This tab holds the annotation information that is stored in the Pfam database. As we move to using Wikipedia as our main source of annotation, the contents of this tab will be gradually replaced by the Wikipedia tab.

DALR anticodon binding domain Provide feedback

This all alpha helical domain is the anticodon binding domain in Arginyl and glycyl tRNA synthetase. This domain is known as the DALR domain after characteristic conserved amino acids [1].

Literature references

  1. Wolf YI, Aravind L, Grishin NV, Koonin EV; , Genome Res 1999;9:689-710.: Evolution of aminoacyl-tRNA synthetases--analysis of unique domain architectures and phylogenetic trees reveals a complex history of horizontal gene transfer events. PUBMED:10447505 EPMC:10447505


External database links

This tab holds annotation information from the InterPro database.

InterPro entry IPR008909

The aminoacyl-tRNA synthetases (EC) catalyse the attachment of an amino acid to its cognate transfer RNA molecule in a highly specific two-step reaction. These proteins differ widely in size and oligomeric state, and have limited sequence homology [PUBMED:2203971]. The 20 aminoacyl-tRNA synthetases are divided into two classes, I and II. Class I aminoacyl-tRNA synthetases contain a characteristic Rossman fold catalytic domain and are mostly monomeric [PUBMED:10673435]. Class II aminoacyl-tRNA synthetases share an anti-parallel beta-sheet fold flanked by alpha-helices [PUBMED:8364025], and are mostly dimeric or multimeric, containing at least three conserved regions [PUBMED:8274143, PUBMED:2053131, PUBMED:1852601]. However, tRNA binding involves an alpha-helical structure that is conserved between class I and class II synthetases. In reactions catalysed by the class I aminoacyl-tRNA synthetases, the aminoacyl group is coupled to the 2'-hydroxyl of the tRNA, while, in class II reactions, the 3'-hydroxyl site is preferred. The synthetases specific for arginine, cysteine, glutamic acid, glutamine, isoleucine, leucine, methionine, tyrosine, tryptophan and valine belong to class I synthetases. The synthetases specific for alanine, asparagine, aspartic acid, glycine, histidine, lysine, phenylalanine, proline, serine, and threonine belong to class-II synthetases [PUBMED:]. Based on their mode of binding to the tRNA acceptor stem, both classes of tRNA synthetases have been subdivided into three subclasses, designated 1a, 1b, 1c and 2a, 2b, 2c.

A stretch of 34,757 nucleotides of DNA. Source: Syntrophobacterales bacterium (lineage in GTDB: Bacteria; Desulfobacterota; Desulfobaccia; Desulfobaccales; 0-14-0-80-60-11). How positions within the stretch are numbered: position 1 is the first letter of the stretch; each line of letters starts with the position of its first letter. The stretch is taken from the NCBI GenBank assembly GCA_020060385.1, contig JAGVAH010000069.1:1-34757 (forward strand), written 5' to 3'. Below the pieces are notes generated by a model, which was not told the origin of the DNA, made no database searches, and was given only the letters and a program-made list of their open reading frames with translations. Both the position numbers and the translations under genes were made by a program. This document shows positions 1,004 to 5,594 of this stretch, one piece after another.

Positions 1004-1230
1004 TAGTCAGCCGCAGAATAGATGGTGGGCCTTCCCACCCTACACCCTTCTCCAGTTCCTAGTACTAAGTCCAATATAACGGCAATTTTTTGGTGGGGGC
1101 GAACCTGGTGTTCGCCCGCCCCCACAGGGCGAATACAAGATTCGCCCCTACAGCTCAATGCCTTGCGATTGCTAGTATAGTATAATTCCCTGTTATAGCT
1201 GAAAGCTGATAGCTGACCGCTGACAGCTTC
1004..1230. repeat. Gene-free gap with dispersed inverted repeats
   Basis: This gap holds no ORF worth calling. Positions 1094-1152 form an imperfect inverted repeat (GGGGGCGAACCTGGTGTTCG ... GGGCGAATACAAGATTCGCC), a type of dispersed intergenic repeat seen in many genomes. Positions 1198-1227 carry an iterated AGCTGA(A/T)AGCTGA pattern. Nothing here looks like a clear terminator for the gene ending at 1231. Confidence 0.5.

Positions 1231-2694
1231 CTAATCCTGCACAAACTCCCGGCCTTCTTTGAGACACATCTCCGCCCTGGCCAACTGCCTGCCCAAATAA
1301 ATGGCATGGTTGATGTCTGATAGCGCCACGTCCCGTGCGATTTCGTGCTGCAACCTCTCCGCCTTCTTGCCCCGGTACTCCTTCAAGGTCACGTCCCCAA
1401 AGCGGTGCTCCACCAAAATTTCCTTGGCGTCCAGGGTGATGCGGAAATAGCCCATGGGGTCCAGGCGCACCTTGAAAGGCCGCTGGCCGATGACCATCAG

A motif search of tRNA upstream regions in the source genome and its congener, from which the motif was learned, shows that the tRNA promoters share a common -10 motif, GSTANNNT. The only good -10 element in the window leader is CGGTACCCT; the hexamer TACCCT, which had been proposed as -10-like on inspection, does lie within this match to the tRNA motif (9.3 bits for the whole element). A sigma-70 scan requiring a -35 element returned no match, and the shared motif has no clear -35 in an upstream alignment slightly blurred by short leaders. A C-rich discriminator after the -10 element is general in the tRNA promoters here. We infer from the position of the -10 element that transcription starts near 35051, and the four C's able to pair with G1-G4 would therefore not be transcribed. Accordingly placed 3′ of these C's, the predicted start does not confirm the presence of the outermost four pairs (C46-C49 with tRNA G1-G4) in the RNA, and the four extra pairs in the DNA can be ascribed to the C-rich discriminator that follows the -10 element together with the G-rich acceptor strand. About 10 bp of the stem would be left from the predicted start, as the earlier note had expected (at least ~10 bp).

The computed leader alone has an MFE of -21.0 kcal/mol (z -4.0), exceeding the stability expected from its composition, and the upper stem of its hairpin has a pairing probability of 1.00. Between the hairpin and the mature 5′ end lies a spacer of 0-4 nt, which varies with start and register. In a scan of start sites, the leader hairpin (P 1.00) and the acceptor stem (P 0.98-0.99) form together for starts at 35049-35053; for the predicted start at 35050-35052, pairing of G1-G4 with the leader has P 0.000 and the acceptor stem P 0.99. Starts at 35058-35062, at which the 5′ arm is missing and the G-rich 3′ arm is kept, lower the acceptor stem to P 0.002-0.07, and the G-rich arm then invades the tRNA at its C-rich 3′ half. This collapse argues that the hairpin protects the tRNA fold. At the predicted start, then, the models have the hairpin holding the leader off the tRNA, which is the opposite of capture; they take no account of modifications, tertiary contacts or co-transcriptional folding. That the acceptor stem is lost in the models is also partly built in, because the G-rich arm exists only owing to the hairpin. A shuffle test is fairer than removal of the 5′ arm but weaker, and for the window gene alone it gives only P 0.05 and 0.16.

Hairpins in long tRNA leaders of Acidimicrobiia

This all alpha helical domain is the anticodon binding domain of Arginyl tRNA synthetase. This domain is known as the DALR domain after characteristic conserved amino acids [PUBMED:10447505].

Gene Ontology

The mapping between Pfam and Gene Ontology is provided by InterPro. If you use this data please cite InterPro.

Domain organisation

Below is a listing of the unique domain organisations or architectures in which this domain is found. More...

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Pfam Clan

This family is a member of clan DALR (CL0258), which contains the following 2 members:

DALR_1 DALR_2

Alignments

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We make a range of alignments for each Pfam-A family. You can see a description of each above. You can view these alignments in various ways but please note that some types of alignment are never generated while others may not be available for all families, most commonly because the alignments are too large to handle.

  Seed
(104)
Full
(7484)
Representative proteomes NCBI
(5803)
Meta
(2941)
RP15
(661)
RP35
(1256)
RP55
(1662)
RP75